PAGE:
Wednesday, August 23, 2006

Abersoch days

Peacock butterfly

Quick update - spent some time at the caravan earlier in the summer, then went back home for a family party, meant to get back sooner than I managed, but even so had a week to prepare before John began his 3 weeks holiday here in Abersoch. I was in Liverpool for much of the hottest weather, but our kind neighbour Marie here at the caravan watered the tomatoes, beans and sweet peas for me. Lot of rabbit damage - it's a bad year for bunnies!

Most of the caravan guests (Sarah, David and Rachel) left on Sunday, John went soon after 4am Monday morning to drive back to Liverpool. It seems very quiet here now! Bit of a strange holiday this year, with John driving back to Liverpool twice to see his Mum who was admitted to hospital for an emergency operation 7 August if my memory serves me right. She's in a convalescent home now and is doing OK, hopefully will be home in a week or so.

Tortoiseshell butterfly

Monday had some nice sunshine, spotted two hummingbird hawk moths on the buddleia shortly after midday, they hung around long enough for me to get out the camcorder and try get some better shots (not had time yet to look and see if they are better though!) than those from the camera a week or so ago. The painted lady was back too, got one decentish shot on the osteospermum, but when I tried to get closer to it on the buddleia it took fright and flew off - seems very alert and shy. Buddleia is generally covered in butterflies every time the sun shows even slightly - small tortoiseshells are the most frequent visitors, but there's a single peacock as well as the red admirals, large and small whites and commas. No wonder it's called the Butterfly bush!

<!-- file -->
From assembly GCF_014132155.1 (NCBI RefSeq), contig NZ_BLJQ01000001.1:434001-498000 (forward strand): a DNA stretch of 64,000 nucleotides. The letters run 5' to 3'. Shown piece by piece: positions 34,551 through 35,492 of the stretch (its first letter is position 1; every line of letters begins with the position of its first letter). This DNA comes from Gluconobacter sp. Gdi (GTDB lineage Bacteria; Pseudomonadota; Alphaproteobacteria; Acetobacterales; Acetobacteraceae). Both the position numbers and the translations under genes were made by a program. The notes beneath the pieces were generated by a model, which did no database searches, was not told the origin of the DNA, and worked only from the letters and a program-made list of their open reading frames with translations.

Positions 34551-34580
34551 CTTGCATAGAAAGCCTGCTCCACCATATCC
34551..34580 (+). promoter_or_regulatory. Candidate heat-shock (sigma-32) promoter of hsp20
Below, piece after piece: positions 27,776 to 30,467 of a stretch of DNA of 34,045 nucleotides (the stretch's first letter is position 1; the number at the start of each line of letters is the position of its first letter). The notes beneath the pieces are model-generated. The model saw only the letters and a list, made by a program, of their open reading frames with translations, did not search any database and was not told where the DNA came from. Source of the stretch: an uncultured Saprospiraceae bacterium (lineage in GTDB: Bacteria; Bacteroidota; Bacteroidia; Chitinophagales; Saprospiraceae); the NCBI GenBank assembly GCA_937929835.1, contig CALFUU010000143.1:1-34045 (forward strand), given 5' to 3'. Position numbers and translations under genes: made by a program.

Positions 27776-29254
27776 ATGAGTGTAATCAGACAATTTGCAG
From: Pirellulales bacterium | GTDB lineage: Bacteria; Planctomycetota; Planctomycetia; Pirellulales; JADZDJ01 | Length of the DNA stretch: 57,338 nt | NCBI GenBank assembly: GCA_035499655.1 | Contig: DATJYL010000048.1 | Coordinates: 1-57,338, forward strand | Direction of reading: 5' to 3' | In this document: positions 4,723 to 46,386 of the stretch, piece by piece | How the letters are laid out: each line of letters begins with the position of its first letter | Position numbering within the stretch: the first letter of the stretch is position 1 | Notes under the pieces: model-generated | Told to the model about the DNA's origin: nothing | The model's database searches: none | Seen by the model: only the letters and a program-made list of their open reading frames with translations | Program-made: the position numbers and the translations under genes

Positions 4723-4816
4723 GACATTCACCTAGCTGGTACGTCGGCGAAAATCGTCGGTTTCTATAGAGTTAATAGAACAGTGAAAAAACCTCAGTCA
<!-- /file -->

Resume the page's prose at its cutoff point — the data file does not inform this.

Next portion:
Painted Lady on the patio

Around 6.15pm there were clouds of smoke went up from close by, followed shortly by NeeNaa sounds. Today I finally went and checked out the Abersoch website, where I discovered that a motor boat caught fire and exploded just off our local (Marchroes) beach. Fortunately everyone onboard escaped, but the boat was completely destroyed.

Yesterday morning Trefor arrived and began to strim the bracken at the bottom of the field where it had escaped through the fence. Then he pulled out a couple of posts... He called in at Rolf's (across the field from us), the pair of them walked up into the field behind us, and I caught them on the way back. The fence is coming out, and the trees at the bottom of the field will be cut back later this week or early next week - Hurray!

I think I saw the hummingbird hawk moth again briefly in the morning, but there are some other fast and fluttery moths around the buddleia too. Though these land on the flowers to feed. So I may have confused one of them, but the hawk moth looks pinkish in the blur of its wings, and its bum looks a bit like a miniature skull, so I'm fairly sure that I spotted one.


Soon after midday today Trefor came back with a blue tractor and trailer, and hoisted the remaining fence posts out of the ground, loading them into the trailer. Then he collected up the bracken strimmings, along with all the garden rubbish that had been chucked over the (ex) fence, dumping it all in the bottom field. Will take a look tomorrow if it's dry as I need to take a bag of rubbish to the bins (that grey breeze-block thing just below the white bungalow on the right in the picture).

It's nice to see the fence go, and I can't wait for the trees to be topped - can hardly see any of the bay this year, only spotted the Seabirds racing once. Hopefully the trees at the back of the field will get chopped soon too, as they are a home to a ginormous flock of starlings in the autumn which makes a lot of mess for the folks who back on to them.

Red Admiral on Buddleia

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